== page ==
This government consultation is a once in a lifetime chance to call for a Human Rights Act to permanently protect human rights in Australia.

Make your submission below - it can be as long or as short as you wish. We have included some handy talking points below help you out, but try to put your thoughts in your own words, and feel free to talk about how human rights protection might affect you.
Online journalists now jailed more often than other media
If you think it's tough to be a blogger because your Google AdWords revenue has been in the toilet lately, the Committee to Protect Journalists wants to remind you that Internet journalist—including bloggers—can and do suffer much more around the world. According to the group's new report, Internet journalists now make up the largest single group of imprisoned journalists.

Of the 125 journalists imprisoned around the world for doing their jobs, 45 percent are "bloggers, Web-based reporters, or online editors." China continues its ten-year winning streak when it comes to tossing writers into jail, with Cuba, Burma, Eritrea, and Uzbekistan next in line.
Australia's Internet filtering too ambitious, doomed to fail
It's tough being a government these days; who has the energy to clean up the Internet after a hard day's work bailing out the financial sector? Not the Australian government, it seems. Rather than actually doing something about illegal content, they just make a list of it and tell ISPs to filter everything that's on the list. Sidestepping the murky political details and—for the moment—the civil liberties problems inherent in this approach, let's take a closer look at the technical aspects of such a plan.
Government, EFF spar in court over telecom immunity
Lawyers for the Electronic Frontier Foundation faced off against government attorneys Tuesday, as Judge Vaughn Walker heard arguments in a legal fight over telecoms' role in warrantless wiretapping that began almost three years ago. At issue is the constitutionality of the FISA Amendments Act, passed by Congress this summer, which could end the suit against the telecoms by retroactively immunizing them for their participation in the controversial National Security Agency eavesdropping program.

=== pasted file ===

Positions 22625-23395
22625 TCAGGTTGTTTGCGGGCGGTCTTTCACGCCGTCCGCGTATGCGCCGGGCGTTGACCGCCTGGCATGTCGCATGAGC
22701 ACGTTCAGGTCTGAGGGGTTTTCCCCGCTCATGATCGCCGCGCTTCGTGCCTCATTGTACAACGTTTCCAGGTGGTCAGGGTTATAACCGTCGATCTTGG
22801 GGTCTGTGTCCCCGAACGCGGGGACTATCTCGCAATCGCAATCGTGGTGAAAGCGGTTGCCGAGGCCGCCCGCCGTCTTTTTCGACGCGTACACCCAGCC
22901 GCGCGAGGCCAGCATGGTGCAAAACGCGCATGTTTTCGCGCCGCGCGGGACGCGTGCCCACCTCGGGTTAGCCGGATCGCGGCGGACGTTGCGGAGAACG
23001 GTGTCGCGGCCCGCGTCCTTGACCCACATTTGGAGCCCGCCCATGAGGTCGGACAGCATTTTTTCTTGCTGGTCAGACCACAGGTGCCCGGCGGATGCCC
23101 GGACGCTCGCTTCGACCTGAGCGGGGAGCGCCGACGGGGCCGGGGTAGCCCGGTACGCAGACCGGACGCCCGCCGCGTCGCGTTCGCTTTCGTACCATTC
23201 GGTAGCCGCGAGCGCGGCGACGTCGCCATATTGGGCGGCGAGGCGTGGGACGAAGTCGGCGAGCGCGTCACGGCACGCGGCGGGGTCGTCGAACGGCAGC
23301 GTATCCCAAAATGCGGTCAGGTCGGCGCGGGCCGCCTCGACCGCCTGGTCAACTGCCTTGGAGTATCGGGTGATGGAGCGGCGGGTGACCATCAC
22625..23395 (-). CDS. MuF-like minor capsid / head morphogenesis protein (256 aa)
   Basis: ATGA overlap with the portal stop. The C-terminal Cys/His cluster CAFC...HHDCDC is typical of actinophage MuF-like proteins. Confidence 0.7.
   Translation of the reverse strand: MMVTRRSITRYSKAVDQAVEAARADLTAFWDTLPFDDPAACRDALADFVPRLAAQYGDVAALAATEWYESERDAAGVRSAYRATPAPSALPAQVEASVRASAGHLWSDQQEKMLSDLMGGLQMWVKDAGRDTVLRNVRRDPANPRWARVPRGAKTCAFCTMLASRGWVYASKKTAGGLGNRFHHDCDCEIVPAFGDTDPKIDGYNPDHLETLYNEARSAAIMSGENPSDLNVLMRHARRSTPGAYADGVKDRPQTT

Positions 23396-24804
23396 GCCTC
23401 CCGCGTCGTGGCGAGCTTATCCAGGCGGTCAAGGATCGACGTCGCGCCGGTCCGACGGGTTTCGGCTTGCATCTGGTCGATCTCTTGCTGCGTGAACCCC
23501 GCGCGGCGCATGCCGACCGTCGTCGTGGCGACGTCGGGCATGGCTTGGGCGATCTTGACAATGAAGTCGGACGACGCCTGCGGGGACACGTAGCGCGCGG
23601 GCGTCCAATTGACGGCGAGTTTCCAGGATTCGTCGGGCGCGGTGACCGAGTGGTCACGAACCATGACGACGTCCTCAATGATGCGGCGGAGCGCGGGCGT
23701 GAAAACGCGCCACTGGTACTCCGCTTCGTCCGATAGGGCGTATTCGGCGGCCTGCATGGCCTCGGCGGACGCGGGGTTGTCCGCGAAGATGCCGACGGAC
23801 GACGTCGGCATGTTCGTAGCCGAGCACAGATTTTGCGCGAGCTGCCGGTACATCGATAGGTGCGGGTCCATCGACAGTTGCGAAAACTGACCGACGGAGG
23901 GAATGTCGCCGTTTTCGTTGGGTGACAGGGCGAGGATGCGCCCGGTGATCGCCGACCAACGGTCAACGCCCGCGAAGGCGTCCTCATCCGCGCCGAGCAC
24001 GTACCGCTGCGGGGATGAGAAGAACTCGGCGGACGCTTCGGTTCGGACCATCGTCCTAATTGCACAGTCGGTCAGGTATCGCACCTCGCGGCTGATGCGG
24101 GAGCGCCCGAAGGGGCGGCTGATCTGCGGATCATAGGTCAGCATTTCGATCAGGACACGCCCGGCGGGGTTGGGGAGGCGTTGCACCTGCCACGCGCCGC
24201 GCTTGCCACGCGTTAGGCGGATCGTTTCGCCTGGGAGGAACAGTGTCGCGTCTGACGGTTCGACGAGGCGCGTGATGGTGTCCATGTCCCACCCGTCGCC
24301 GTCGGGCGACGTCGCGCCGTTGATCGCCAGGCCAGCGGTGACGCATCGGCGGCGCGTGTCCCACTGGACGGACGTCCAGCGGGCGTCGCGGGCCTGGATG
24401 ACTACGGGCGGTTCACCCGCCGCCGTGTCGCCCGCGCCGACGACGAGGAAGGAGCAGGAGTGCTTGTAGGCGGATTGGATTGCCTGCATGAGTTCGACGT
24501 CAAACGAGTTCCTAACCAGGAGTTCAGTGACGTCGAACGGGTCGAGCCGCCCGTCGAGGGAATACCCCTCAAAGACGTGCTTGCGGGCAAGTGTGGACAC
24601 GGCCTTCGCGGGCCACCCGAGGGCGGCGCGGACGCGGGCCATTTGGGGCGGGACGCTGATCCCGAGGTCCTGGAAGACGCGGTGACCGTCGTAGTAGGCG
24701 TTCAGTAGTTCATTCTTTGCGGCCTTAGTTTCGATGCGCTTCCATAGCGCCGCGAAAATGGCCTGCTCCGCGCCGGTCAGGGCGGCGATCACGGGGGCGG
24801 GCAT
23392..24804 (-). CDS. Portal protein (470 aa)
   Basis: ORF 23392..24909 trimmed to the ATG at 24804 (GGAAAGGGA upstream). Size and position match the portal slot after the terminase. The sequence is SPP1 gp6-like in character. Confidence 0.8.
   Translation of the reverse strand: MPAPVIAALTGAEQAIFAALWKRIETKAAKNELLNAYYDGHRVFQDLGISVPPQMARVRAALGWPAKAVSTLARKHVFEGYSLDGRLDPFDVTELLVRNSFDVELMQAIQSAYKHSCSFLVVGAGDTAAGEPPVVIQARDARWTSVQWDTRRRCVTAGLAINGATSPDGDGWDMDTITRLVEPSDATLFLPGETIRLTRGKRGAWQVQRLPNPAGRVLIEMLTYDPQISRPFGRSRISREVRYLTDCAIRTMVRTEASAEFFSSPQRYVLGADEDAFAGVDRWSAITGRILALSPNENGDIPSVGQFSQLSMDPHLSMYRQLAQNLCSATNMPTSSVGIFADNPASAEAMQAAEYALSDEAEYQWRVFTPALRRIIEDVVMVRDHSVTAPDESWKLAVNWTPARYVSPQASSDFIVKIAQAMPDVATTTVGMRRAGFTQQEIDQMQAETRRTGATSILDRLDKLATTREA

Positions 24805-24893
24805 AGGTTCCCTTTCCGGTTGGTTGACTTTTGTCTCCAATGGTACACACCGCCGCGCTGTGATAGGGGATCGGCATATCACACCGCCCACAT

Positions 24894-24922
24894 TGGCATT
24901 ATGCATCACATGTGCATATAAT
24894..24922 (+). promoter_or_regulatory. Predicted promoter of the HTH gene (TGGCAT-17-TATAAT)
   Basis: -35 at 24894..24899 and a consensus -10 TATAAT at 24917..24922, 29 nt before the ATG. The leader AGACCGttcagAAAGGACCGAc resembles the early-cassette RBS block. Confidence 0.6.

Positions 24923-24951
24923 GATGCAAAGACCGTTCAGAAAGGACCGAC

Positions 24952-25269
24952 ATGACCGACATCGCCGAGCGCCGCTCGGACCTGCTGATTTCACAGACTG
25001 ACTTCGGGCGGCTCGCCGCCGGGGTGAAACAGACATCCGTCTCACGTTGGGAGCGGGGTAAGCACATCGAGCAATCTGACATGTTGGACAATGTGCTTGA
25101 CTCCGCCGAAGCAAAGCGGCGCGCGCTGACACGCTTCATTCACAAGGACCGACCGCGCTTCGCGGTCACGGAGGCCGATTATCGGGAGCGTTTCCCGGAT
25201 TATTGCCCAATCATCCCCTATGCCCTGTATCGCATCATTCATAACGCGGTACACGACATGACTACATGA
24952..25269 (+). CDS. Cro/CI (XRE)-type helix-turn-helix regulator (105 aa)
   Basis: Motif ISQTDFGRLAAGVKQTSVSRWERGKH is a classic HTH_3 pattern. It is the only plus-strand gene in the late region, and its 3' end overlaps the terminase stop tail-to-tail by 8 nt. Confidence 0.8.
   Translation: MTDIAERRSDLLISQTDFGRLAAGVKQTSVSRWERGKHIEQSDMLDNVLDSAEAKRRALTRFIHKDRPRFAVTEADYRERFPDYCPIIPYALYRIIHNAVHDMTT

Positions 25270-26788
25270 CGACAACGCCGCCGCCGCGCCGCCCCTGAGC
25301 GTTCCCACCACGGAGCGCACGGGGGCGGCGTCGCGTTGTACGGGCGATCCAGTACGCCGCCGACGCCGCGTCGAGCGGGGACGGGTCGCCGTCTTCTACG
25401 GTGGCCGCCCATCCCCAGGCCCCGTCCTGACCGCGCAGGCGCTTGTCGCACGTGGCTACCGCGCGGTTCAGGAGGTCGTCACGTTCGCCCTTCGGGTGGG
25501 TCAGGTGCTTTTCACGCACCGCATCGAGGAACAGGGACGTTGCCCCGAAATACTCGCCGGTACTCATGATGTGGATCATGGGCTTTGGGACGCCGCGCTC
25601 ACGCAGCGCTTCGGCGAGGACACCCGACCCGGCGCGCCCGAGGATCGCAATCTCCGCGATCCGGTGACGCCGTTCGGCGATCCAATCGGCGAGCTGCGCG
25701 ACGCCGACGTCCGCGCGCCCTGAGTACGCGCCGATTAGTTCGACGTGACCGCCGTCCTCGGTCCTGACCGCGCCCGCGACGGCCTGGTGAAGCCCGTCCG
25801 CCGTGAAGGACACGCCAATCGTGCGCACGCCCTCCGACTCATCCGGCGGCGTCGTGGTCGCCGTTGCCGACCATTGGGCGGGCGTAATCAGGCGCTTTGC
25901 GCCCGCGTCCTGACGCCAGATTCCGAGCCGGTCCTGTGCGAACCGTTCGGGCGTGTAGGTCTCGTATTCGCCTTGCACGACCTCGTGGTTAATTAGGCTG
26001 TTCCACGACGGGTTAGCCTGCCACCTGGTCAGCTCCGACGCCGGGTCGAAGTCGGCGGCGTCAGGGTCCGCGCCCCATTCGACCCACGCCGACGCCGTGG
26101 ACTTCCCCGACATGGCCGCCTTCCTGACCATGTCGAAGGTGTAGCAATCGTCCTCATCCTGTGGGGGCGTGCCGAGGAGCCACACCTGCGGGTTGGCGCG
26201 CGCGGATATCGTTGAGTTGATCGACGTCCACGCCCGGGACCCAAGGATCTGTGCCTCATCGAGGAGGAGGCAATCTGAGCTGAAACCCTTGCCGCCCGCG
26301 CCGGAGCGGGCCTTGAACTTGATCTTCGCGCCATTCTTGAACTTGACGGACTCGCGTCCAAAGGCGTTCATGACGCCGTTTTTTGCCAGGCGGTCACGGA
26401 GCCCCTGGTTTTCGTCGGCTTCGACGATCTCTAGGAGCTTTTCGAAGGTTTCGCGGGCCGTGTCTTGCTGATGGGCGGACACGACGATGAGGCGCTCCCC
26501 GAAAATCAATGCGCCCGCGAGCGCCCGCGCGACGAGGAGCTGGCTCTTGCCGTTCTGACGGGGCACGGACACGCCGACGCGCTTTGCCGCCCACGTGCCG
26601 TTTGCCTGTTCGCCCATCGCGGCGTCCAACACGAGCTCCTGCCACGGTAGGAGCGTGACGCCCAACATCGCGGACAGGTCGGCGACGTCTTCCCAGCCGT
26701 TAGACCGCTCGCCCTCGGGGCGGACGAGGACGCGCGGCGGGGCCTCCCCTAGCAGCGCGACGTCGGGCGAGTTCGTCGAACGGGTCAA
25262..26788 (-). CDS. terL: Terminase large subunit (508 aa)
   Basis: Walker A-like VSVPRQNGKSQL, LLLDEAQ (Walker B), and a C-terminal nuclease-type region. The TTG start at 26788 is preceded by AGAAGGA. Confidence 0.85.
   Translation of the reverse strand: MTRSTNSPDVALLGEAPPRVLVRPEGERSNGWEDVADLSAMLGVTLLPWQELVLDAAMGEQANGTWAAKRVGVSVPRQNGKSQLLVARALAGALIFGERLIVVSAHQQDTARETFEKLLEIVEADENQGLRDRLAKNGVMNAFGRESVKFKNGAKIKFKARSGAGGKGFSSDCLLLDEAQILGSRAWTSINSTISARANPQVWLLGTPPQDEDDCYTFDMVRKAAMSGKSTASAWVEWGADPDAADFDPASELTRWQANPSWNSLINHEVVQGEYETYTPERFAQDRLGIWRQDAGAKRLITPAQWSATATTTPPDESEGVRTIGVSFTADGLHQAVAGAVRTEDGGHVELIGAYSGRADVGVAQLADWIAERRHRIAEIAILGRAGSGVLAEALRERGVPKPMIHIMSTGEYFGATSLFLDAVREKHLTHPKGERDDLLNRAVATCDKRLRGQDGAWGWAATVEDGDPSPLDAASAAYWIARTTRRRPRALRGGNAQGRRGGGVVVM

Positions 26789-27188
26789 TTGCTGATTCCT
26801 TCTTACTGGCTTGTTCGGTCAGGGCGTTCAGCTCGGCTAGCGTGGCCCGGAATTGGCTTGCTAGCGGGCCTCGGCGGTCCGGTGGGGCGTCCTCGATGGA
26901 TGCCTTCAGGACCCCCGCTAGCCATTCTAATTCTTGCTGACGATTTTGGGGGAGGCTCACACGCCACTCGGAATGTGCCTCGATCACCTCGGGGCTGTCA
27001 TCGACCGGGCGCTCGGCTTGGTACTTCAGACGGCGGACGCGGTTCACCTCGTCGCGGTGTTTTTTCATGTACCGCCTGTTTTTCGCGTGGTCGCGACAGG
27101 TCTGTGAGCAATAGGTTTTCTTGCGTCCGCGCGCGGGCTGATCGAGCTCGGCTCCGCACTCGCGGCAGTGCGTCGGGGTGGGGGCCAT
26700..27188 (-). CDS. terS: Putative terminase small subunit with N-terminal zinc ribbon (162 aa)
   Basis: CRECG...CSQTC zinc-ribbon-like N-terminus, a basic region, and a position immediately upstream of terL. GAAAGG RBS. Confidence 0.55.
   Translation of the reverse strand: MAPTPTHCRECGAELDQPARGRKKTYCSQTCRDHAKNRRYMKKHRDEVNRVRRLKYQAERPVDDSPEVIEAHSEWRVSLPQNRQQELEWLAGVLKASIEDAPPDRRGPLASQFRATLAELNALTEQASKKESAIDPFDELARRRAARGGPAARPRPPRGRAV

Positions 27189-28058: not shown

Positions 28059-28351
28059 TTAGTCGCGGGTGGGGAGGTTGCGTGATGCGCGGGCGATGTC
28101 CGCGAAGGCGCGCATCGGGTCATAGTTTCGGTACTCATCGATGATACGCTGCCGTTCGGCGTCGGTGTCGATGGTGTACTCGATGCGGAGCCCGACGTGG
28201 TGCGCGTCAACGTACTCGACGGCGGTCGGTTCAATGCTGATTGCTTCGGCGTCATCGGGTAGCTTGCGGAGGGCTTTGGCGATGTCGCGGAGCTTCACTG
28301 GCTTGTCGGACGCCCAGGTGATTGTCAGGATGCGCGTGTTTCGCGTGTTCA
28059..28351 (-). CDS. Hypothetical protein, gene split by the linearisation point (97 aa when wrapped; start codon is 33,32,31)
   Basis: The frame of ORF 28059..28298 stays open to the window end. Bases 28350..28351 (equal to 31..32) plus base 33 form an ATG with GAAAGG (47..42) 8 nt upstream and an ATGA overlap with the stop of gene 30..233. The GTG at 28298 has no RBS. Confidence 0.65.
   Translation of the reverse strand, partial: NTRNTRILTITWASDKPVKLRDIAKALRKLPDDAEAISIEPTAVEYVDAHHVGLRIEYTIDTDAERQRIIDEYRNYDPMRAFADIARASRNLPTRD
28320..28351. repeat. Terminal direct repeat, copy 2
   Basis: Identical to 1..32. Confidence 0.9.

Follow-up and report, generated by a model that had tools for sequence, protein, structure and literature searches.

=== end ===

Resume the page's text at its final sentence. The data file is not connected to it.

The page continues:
Danish court says ISP must block The Pirate Bay
The Pirate Bay has made a habit out of pointing and laughing at Big Content serving up thousands of links to copyrighted content to its 25 million+ users. The MPAA, IFPI, and other industry organizations have been left fighting skirmishes in courts around the world in an attempt to get TPB taken offline, or, at the very least, have access to it blocked. Big Content won a minor victory on Thanksgiving Day as a Danish court upheld a lower court decision forcing a Danish ISP to keep its customers from accessing the BitTorrent site.
Does the Drew verdict make ToS breakers potential felons?
The guilty verdict against Lori Drew, prosecutors crowed, would send an "overwhelming message" to online bullies. Though she escaped conviction on felony charges, the 49-year-old Missouri mom could still face three years in prison or fines of up to $300,000 for launching an online harassment campaign that ended in the suicide of a teenage neighbor. But the "message," legal observers worry, may be that anyone who uses a Web site without paying close attention to those ubiquitous Terms of Service risks committing a federal crime.
Patent suit targets iPhone, all mobile web pages ever
It's a new week, which means yet another lawsuit has been filed against Apple. The latest lawsuit comes in the form of patent infringement accusations from EMG Technology, LLC regarding Mobile Safari's viewing, zooming, and scrolling capabilities on the iPhone.

EMG asserts that Apple's built-in software on the iPhone violates patent number 7,441,196, titled "Apparatus and method of manipulating a region on a wireless device screen for viewing, zooming and scrolling internet content." In brief, the patent describes a method by which a website would be rendered to create a "sister site" so that it can be presented on a TV, handheld device, or cell phone, and blocks of the site would be broken up in the code so that they could be zoomed in on easily when the user selects it. Sound sort of like Mobile Safari when you double-tap a section of the page? EMG thought so too.

But that's only part of it. According to statements made by EMG attorney and "IP expert," Stanley Gibson, the company is suing Apple over various other companies making mobile versions of their websites for easy display and navigation on the iPhone. "For example, to access NBC on a computer the URL is For the mobile site on the iPhone, the URL would be," Gibson said in a statement. "The '196 patent covers the simplified interface of reformatted mobile content to provide optimum viewing and navigation with single touches on a small screen." Which is totally why EMG is suing Apple and not, say, NBC. Or Motorola, which also displays mobile-formatted web pages. Or Palm. Or Microsoft. Or anyone, really.